No party is complete without potato chips. This classic, simple party snack is everything you could want: salty, crispy, light, and easily eaten by the handful. So we had to ask: What top potato chip brand is the best for entertaining?
To see what potato chip brand reigns supreme for your game day needs, we scoured the streets of Manhattan to buy 10 bags of the top potato chip brands. Though we limited the flavors to simple, classic salt, we did not discriminate regarding whether the chips were kettle-cooked, ridged, or even stacked in a can. We simply bought 10 bags of highly popular potato crisps.
Then, we gathered 11 staff members of The Daily Meal to snack on the potato chips in a blind taste test. They were asked to rate the chips on a scale of 1–10 based on flavor, saltiness, mouthfeel, and party appeal. Click through to see how your favorite chip stacked up.
Munchos, a “light tasting crispy snack” from Frito Lay was far and away the most divisive chip on the table. Though some gave the Muncho high ratings and thought it was a fun, unique chip, most were disturbed by the cornflake-like appearance and odd aftertaste and mouthfeel. “Makes my tongue feel like it has sand on it,” one taster remarked.
“Meh” was the word used to describe Utz; more than a few reviewers left this exact remark. Though this Pennsylvania-based potato chip brand was praised for its light crisp by one reviewer, most thought that Utz lacked salt and overall flavor.
Kettle chips are a divisive product, we discovered. Many tasters thought this chip was too crunchy. “Literally hurt to chew,” one wrote. Others found Cape Cod’s chips to be greasy and have a slight burnt flavor. However, many agreed that these chips had a wonderful presentation, saying they would make a nice addition to any party spread.
Lay’s has a line of more “natural” chips, and this is their base product. While Classic Lay’s are fried in a mix of sunflower, corn, and canola oil, Simply Lay’s are cooked in expeller-pressed sunflower oil only. Though many praised the size of this chip, they were also described as bland and stale-tasting. “Tastes like the bag your mom forgot in the pantry for three years,” one reviewer wrote. Ouch!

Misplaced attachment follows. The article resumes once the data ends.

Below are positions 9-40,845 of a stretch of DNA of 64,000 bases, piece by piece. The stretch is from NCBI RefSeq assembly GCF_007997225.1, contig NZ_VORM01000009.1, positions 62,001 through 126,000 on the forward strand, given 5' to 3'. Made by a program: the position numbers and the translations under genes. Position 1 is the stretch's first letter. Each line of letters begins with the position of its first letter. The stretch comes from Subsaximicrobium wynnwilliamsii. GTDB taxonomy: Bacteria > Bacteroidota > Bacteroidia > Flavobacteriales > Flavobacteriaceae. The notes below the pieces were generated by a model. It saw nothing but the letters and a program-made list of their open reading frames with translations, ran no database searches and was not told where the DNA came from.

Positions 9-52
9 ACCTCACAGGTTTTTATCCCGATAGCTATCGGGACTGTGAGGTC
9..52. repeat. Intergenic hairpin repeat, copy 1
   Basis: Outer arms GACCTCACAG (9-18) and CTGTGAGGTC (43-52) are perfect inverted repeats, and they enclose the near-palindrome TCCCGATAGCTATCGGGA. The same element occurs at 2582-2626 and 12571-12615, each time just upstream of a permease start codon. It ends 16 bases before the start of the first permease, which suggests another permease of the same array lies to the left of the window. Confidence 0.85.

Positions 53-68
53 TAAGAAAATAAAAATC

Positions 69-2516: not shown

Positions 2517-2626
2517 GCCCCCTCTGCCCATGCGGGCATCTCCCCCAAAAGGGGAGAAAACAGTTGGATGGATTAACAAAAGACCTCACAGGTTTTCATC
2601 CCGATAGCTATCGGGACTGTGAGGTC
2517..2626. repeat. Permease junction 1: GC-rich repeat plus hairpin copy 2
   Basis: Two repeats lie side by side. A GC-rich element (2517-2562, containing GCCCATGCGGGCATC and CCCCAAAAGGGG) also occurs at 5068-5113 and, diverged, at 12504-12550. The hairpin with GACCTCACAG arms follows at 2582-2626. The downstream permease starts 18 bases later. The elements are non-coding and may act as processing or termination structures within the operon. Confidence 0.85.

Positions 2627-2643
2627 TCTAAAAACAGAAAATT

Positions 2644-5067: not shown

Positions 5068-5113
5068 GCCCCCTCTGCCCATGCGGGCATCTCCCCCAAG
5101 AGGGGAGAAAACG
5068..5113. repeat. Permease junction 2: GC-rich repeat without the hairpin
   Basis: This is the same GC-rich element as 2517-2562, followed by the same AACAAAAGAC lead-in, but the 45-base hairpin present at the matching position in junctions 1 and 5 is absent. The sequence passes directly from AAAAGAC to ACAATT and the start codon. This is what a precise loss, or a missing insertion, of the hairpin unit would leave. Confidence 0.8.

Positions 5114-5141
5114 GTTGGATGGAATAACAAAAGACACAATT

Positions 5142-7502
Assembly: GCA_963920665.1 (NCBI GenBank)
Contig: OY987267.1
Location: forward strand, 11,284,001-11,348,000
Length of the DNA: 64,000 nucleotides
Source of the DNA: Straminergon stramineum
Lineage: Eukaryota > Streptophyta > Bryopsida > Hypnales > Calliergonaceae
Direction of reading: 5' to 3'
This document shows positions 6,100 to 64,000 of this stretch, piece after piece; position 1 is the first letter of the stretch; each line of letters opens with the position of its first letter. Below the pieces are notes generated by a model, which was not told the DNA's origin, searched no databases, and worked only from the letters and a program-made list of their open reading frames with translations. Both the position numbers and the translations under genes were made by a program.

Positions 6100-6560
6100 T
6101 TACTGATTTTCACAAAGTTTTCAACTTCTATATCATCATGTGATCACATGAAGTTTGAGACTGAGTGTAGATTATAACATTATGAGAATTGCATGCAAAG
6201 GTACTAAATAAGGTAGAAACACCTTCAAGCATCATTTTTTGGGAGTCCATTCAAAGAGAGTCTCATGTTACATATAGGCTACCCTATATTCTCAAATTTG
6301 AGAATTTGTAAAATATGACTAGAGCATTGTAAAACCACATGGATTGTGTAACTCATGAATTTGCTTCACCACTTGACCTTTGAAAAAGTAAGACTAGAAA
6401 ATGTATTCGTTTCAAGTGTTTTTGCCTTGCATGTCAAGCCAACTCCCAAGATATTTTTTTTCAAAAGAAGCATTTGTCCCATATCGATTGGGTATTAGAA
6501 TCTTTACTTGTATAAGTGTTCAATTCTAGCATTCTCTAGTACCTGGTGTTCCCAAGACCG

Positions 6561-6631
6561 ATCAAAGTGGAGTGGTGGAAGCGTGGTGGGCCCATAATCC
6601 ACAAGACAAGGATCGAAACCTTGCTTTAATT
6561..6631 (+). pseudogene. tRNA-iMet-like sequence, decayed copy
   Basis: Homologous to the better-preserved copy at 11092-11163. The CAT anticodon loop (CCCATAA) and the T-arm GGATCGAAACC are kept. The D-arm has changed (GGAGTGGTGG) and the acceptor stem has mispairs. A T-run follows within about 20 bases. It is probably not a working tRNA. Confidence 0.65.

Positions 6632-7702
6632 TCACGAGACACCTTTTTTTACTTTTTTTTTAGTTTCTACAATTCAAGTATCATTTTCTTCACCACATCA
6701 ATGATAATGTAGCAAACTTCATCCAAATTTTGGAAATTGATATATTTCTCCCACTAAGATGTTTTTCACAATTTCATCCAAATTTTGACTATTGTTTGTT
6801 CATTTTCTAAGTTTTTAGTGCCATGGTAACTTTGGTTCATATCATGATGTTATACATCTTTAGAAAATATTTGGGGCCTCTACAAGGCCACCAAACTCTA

“OK” was the word of the day when it came to Wise chips. Some thought these were very salty but were into all of that delicious sodium flavor. Others thought they just tasted like… a potato chip. “Basic” and “classic” were terms thrown around. And for a potato chip, that’s really all you need.
Thick and crunchy, Kettle’s organic chips with sea salt were another divisive chip. Some loved their crispiness and saltiness, while others thought the chip was too thick, overly crunchy, and seemed stale (despite being from a freshly-opened bag). However, one reviewer picked up on Kettle’s organic nature with a “more natural” comment. Astute!
According to our tasters, Trader Joe’s Ode to the Classic Chip is properly named. “Old school, simple” one commented, while another found the chip to have a “great salt and great fluff.” Generally speaking, our reviewers were pleased with the salt levels of this chip and commented they would serve this at their party.
The iconic vibes of the Classic Lay’s chip were felt in our taste test, with several tasters commenting that this was a “no-frills, classic” chip. People enjoyed the subtle saltiness and light crunch. “The perf potato chip,” one reviewer remarked.
Though some found Ruffles to be oily, their shape and texture was a huge hit. “Prime dipping chip,” one wrote, while another noted that “ridges are always 100.” When it comes to flavor, many reviewers remarked that Ruffles had the “right amount of salt,” which is a difficult balance to strike.
Though our potato chip taste test was a blind one, Pringles shape was instantly identifiable in its bowl. Though some reviewers remarked that, hey, no one ever actually serves this chip at a party, everyone loved the nostalgic, salty taste. “Pringles or die,” one reviewer wrote, and we have to agree.